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December 21, 2017: Winter Solstice at Yule Woods, Montreal, at 4:15 pm.

Today is (almost) the shortest day of the year, which was followed by the longest night of the year, last night,  Yalda. In term of daylight, today was 5 hours, 50 minutes shorter than June Solstice.


PS. To those of you who are following my blog through email notification, my apologies for the “Norooz” this week!! It was my mistake while fixing/ shoveling around broken old links and pictures.

Roast Chicken & Saffron Rice

Yalda, the Persian celebration of winter solstice, is around the corner. Hence the occasion for a special food blog entry – something representing red and orange colors of  Yalda, something made with passion, and maybe pomegranate, to serve along with sweet-nuts mix, watermelon and persimmon as we get together with friends and family to bring to dawn the longest night of the year –  the night before the beginning of winter, or the Yalda night.

For some of my previous Yalda-related blog entries, please see here, and here.

And here I am with yet another Yalda recipe. The roast chicken I am about to describe is called Akbar joojeh in Persian. Akbar is a male’s name and joojeh means baby chicken. Originated in the northern province of Mazandaran, Akbar joojeh is named after a restaurant on the road to the Caspian sea  whose owner served his then exclusive dish. The dish soon grew so popular the locals took it in to their own hands and made it on the long list of delicious Northern foods. Akbar joojeh is one of a few Persian foods made/served with the very Iranian pomegranate syrup [See below];  it has a rich sweet and sour taste, very simple to prepare and is served with either plain or saffron rice – again made in the simple kateh style, as opposed to the more complicated style of soaking and draining the rice.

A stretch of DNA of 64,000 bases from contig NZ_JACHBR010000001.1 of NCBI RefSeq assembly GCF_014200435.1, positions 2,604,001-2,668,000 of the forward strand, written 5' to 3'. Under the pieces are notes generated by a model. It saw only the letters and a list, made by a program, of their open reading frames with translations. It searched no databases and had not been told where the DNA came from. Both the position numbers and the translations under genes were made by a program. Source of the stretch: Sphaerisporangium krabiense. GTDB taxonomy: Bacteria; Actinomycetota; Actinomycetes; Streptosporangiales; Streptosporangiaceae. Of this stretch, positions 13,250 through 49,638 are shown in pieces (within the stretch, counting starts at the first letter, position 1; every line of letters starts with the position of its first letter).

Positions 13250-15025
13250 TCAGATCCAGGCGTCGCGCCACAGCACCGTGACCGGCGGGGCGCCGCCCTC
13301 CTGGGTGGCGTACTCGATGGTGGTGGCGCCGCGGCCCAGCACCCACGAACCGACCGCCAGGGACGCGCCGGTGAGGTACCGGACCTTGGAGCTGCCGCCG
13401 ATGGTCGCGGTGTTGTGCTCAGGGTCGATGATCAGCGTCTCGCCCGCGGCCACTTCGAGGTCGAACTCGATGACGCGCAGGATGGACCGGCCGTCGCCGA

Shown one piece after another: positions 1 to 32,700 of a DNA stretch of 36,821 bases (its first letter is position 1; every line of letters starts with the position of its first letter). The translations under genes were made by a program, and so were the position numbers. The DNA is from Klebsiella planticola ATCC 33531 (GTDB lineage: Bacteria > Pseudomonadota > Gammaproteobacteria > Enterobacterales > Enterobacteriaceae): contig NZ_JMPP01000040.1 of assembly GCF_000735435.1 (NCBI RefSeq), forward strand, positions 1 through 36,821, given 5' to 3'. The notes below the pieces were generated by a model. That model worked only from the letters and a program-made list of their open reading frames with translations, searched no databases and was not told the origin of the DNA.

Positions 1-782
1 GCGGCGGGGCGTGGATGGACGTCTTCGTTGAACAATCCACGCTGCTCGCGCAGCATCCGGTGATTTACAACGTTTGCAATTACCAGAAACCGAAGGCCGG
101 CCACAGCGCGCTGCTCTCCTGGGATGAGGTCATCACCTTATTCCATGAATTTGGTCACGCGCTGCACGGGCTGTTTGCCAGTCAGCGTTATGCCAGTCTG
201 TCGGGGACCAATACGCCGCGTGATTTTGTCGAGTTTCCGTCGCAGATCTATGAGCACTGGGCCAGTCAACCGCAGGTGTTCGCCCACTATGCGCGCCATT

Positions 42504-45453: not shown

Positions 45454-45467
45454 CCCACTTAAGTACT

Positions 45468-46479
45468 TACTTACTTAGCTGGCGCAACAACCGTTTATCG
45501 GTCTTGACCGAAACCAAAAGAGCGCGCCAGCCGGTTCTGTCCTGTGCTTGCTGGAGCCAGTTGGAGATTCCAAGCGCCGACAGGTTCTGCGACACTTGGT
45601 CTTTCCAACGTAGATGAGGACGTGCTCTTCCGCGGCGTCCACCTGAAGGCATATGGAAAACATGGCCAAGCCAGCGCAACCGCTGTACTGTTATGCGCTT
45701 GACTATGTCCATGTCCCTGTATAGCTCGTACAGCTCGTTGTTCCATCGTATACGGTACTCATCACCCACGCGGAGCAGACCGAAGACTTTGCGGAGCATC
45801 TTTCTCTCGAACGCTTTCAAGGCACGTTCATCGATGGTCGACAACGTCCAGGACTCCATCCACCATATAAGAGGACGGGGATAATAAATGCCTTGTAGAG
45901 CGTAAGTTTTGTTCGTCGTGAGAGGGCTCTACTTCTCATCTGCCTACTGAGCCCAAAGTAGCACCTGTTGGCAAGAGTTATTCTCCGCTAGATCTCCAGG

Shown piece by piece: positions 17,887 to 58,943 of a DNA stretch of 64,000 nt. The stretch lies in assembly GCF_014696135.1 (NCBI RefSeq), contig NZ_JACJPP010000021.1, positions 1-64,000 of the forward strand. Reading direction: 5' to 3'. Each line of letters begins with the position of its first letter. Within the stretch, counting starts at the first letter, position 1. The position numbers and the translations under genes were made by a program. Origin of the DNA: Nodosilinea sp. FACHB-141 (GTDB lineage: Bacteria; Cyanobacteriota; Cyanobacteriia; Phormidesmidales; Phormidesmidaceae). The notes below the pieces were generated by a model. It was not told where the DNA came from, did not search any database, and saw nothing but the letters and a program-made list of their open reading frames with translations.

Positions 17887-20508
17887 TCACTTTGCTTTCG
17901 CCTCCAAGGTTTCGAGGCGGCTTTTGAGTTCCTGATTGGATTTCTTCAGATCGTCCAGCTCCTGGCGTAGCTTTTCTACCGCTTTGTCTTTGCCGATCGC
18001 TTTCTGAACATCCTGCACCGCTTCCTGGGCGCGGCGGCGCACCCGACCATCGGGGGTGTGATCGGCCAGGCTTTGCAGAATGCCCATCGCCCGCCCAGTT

Ingredients (serves 2-3)

  • Half a baby chicken or a small chicken, cut in 2 or 3 pieces
  • 1 medium onion, coarsely sliced lengthwise
  • ½ cup freshly squeezed lime
  • 2 tbs. oil
  • ½ cup pomegranate molasses
  • Salt to taste
  • For kateh rice: 2 cups Basmati rice, 1 teaspoon good quality ground saffron, 1 tbsp. oil, salt to taste.

Pomegranate syrup, also referred to as pomegranate “paste” and pomegranate “molasses” is basically pomegranate juice that has been thickened ideally without adding sugar. It has a dark mahogany color and should be thick but runny and intensely flavorful. It can be purchased from Iranian and some Middle Eastern supermarkets.


After skinning and washing the chicken’s parts, sprinkle enough salt and marinate them in lime juice in a closed container in the fridge for at least 4 hours (ideally overnight). Make sure all sides are well exposed to the marinate mixture.